(Reuters) - Italy, one of the European countries hit hardest by COVID-19, surpassed the one-million infections mark on Wednesday, leap-frogging Mexico to become one of the top 10 worst-affected countries globally, according to a Reuters tally.
The Italian health ministry said the country had registered 32,961 new cases over the past 24 hours, taking its total tally since the contagion first struck in February to 1.028 million.
The Reuters tally showed that top 10 countries accounted for over two-thirds of all the global coronavirus cases. The United States leads the list, which includes four other European countries besides Italy - Russia, France, Spain and Britain.
Italy has reported some 42,953 deaths so far, the health ministry said - the second-highest number in Europe after Britain. The country also has the highest fatality rate on the continent, at over 4.18%, the Reuters tally showed. By comparison, the United States has a 2.33% fatality rate.
In Italy, which became a global symbol of the crisis when army trucks were called in to transport the dead during the early months of the pandemic, daily average new cases are at a peak at more than 34,000 in the last seven days.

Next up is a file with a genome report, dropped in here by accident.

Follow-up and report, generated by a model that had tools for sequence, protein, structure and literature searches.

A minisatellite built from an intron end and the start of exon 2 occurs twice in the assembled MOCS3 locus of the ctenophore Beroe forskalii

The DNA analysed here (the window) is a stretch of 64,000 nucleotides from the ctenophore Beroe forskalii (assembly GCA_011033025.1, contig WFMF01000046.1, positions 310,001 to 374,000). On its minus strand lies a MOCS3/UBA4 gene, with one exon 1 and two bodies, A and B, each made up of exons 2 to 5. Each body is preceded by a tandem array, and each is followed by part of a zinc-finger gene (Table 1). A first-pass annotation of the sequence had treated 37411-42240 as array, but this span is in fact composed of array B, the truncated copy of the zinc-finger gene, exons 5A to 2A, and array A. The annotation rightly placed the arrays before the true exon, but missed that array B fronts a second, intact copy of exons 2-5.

Deaths have been rising by more than 455 per day over the same period, but the rate appears to be picking up, with the health ministry reporting 623 COVID-related deaths on Wednesday - the highest figure since April 6.
For every 10,000 people in Italy, at least 170 are reported as COVID positive and over seven deaths are reported due to COVID.
More than 300,000 people have died of COVID-19 across Europe, according to a Reuters tally on Tuesday, and authorities fear that fatalities and infections will continue to rise as the region heads into winter despite hopes for a new vaccine.
With just 10% of the world’s population, Europe accounts for almost a quarter of the 1.2 million deaths globally, and even its well-equipped hospitals are feeling the strain.
More than 51.66 million people have been reported to be infected by the novel coronavirus globally and 1,276,397 have died, according to a Reuters tally.
(This story corrects to remove typo “0” from lede para)
Additional reporting by Crispian Balmer; Editing by Mark Heinrich
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